Doors open, and when the Lord is the One who opens the door, we should enter in to what He has for us. That’s how I looked upon the opportunity to go to Romania and participate in the C. S. Lewis and Kindred Spirits Conference this past week. The theme of the conference was “The Re-Enchanted Academic,” and I was pleased to offer a presentation in the very first panel.
That’s me—second from the right, in preparation for the presentation. I drew from my new book, Many Times & Many Places: C. S. Lewis & the Value of History, to explain the error of historicism and how Lewis warns against it. Short summary: history is not a person with a predetermined goal; there is no “right side of history” for us to adopt; “there is no wrong side of history” to avoid; history is the result of billions of decisions made by billions of people over the ages. Yes, the Lord is also lord of history, but that doesn’t mean that what has transpired is exactly what He wanted. After all, sin is never what God wants—and history is replete with sin. Christians, especially, need to guard against that kind of determinism and also be cautious in claiming that something happening historically is a result of God’s direct intervention. And if one is a Christian historian, humility in interpretation should be a cornerstone for all that one teaches and writes.
The setting for the conference was the city of Iasi, which is considered the cultural capital of Romania. Specifically, we met at the Alexandru Ioan Cuza University in a magnificent building with a welcoming interior.
The fellowship of like-minded Christians devoted to God’s truth and how it has been expressed by Lewis and other “kindred spirits” was the most endearing aspect of those few days we spent together. I’m also appreciative that the organizers set up a book launch for the new book that I and my co-author, Jamin Metcalf, labored over in love for the past year. All the books we brought with us sold out quickly. Here we are in front of the building as we prepared for a fascinating trip to some beautiful monasteries.
Speaking of beautiful monasteries, it was truly breathtaking to view the interior of the first one where it seemed that every square inch of the walls and ceilings was a testament to the Gospel through artistic excellence. Here are a few examples.
The highlight of the trip was a World Heritage monastery called Voronet. The outside walls are stunning in their artistry, detail, and message of Christian faith.
One end of the monastery depicts the Last Judgment, with resurrected saints on the left and those doomed to perdition on the right.
On a cold and rainy Sunday (for which I must confess I was not pleased at first), some of us participated in a walking tour of downtown Iasi. We discovered an excellent art museum with originals by Rembrandt, Rubens, and other famous artists. A similar—and welcomed—discovery, I must admit, was the coffee shop where I could replenish my spirit with some hot chocolate and an orange cake slice. That gave me the impetus to continue on to the main Orthodox church of the city.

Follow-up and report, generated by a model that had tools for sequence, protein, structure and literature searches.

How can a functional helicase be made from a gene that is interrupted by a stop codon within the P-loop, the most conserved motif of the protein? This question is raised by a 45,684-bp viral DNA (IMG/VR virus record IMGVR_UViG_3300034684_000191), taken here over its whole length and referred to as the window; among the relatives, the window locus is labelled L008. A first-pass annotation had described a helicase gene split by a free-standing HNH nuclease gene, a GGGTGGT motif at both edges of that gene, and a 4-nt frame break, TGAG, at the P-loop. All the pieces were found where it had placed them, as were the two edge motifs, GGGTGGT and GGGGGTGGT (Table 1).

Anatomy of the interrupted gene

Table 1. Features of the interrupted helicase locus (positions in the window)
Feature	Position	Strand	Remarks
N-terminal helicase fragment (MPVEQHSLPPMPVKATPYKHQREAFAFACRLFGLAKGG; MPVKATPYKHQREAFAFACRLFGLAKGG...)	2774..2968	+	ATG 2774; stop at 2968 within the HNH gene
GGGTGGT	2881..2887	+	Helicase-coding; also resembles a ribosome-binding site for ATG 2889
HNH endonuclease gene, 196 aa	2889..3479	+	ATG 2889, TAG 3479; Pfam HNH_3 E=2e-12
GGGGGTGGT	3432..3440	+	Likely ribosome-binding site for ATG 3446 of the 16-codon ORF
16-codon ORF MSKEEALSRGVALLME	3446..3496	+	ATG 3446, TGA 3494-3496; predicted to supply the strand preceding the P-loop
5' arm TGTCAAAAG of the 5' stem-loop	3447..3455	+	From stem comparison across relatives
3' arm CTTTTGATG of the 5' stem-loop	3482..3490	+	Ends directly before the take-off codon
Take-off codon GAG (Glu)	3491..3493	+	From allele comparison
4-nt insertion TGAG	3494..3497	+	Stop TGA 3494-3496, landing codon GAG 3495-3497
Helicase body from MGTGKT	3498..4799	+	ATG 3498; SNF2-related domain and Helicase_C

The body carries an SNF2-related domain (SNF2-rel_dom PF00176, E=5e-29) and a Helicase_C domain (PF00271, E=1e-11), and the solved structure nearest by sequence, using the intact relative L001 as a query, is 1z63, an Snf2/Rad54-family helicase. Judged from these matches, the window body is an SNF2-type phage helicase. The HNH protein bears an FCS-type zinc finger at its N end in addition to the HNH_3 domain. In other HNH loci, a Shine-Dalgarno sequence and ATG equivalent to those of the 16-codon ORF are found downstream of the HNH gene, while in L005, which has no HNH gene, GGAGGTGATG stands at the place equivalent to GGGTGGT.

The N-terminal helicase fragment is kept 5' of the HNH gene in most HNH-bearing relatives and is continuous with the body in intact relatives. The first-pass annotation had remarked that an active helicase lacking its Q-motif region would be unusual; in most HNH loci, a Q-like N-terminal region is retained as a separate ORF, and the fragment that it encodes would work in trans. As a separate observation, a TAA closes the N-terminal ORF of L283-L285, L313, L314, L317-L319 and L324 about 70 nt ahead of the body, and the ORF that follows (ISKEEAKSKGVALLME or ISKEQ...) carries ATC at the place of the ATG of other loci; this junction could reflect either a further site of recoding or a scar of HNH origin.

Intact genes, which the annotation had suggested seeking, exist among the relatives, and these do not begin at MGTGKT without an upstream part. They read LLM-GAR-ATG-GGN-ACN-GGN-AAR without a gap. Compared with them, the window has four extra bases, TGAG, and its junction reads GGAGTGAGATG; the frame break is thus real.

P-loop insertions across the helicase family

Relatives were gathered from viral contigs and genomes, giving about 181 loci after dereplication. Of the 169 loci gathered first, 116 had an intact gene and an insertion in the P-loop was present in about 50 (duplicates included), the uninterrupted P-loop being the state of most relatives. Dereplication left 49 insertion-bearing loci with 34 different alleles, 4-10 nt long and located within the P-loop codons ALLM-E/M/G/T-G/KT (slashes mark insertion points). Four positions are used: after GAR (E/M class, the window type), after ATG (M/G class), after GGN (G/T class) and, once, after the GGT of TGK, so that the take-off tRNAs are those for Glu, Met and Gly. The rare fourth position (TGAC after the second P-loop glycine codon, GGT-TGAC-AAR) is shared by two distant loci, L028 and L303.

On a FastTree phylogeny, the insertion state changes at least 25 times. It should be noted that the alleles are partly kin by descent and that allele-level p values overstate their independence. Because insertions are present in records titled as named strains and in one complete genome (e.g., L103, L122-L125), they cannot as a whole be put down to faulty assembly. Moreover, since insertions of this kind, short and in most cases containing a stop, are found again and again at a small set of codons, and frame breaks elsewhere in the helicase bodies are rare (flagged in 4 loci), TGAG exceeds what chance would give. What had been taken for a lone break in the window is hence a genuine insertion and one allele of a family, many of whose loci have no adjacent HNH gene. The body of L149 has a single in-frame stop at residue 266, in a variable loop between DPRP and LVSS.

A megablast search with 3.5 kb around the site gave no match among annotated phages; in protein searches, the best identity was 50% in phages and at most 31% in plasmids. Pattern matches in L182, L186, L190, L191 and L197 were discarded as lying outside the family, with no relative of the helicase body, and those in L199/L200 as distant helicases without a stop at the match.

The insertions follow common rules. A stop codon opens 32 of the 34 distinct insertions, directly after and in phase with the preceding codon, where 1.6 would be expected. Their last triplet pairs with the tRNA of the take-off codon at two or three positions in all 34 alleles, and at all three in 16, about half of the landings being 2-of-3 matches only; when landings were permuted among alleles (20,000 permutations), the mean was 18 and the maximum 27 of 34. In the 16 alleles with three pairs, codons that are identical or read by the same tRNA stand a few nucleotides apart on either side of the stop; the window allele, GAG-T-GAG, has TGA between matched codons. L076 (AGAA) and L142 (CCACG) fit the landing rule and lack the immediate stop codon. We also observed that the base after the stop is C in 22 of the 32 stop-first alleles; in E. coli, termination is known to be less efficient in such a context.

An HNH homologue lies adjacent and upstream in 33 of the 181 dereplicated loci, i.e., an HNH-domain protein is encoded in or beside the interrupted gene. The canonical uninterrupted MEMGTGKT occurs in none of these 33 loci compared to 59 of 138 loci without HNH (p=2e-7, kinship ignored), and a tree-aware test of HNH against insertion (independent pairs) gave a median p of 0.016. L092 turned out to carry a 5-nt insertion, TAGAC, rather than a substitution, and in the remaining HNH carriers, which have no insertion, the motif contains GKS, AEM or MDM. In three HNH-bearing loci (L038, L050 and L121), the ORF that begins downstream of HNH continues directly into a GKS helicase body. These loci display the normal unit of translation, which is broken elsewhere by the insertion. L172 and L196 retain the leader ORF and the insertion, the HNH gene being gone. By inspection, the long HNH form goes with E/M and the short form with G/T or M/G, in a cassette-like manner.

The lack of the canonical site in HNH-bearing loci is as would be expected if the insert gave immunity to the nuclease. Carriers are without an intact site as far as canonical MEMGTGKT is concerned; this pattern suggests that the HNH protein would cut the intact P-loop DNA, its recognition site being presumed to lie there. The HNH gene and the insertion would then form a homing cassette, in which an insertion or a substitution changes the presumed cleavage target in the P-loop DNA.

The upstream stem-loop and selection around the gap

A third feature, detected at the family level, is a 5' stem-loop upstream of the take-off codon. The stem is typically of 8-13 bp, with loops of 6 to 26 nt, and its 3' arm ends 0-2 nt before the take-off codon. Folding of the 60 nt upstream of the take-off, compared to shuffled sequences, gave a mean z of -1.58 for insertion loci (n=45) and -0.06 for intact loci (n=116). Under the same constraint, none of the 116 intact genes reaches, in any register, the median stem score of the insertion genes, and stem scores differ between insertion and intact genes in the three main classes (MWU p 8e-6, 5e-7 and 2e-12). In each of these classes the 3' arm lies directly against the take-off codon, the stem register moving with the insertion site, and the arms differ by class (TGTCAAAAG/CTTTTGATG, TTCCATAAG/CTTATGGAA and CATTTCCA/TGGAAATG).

People were lined up for the opportunity to touch the bones of a saint. The line went outside the building all the way up to the tomb. Many did so in the hope that they might be healed of some disease or other malady. I try not to be judgmental about such things. The Scripture does have instances of that, but I don’t encourage the externals when the Lord is far more interested in our hearts for Him. What keeps me from being too judgmental about this particular exercise is that I can’t read the hearts of those who wait in that line. Only God can. If there is genuine faith involved, He knows. If it is more of a superstition, He knows that also. He is the judge, not I.
We also trekked to the Palace at the city center, which was much too large to take the time to investigate it further than the main foyer, but that was significant enough.
Sunday ended with a wonderful church service where I and others who had spoken at the conference were able to share some thoughts with the congregation. The homily by Rev. Andrew Lazo (from my own diocese here in Florida) was a fitting finale to a blessed week.
Before I close, I want to single out Dr. Denise Vasiliu, one of the chief organizers of the conference (seen here with me at one of the monasteries).
I first met Denise at the Marion E. Wade Center at Wheaton College back in 2018 when we were both attending a conference there. She bought my first book, America Discovers C. S. Lewis: His Profound Impact, and then sat down with me over a meal to share her vision for the Lord’s work in Romania. Her invitation for me to come and share in one of the conferences is the reason I was there this past week. The C. S. Lewis and Kindred Spirits Society is more than just a way to hold conferences. Rather, it is a grand vision for permeating Romania with the Lewisian spirit of the Christian faith through various means. They go into the schools, they disciple new Christians, and they interact with those who have never heard the true message of the Gospel. Denise and the others with her who promote the Lord’s work in that nation deserve our prayers and our financial support. When people have the heart of the Lord for others, it is evident.
I hope to return when the next conference is held a couple of years from now. Being with kindred spirits is not something to be missed.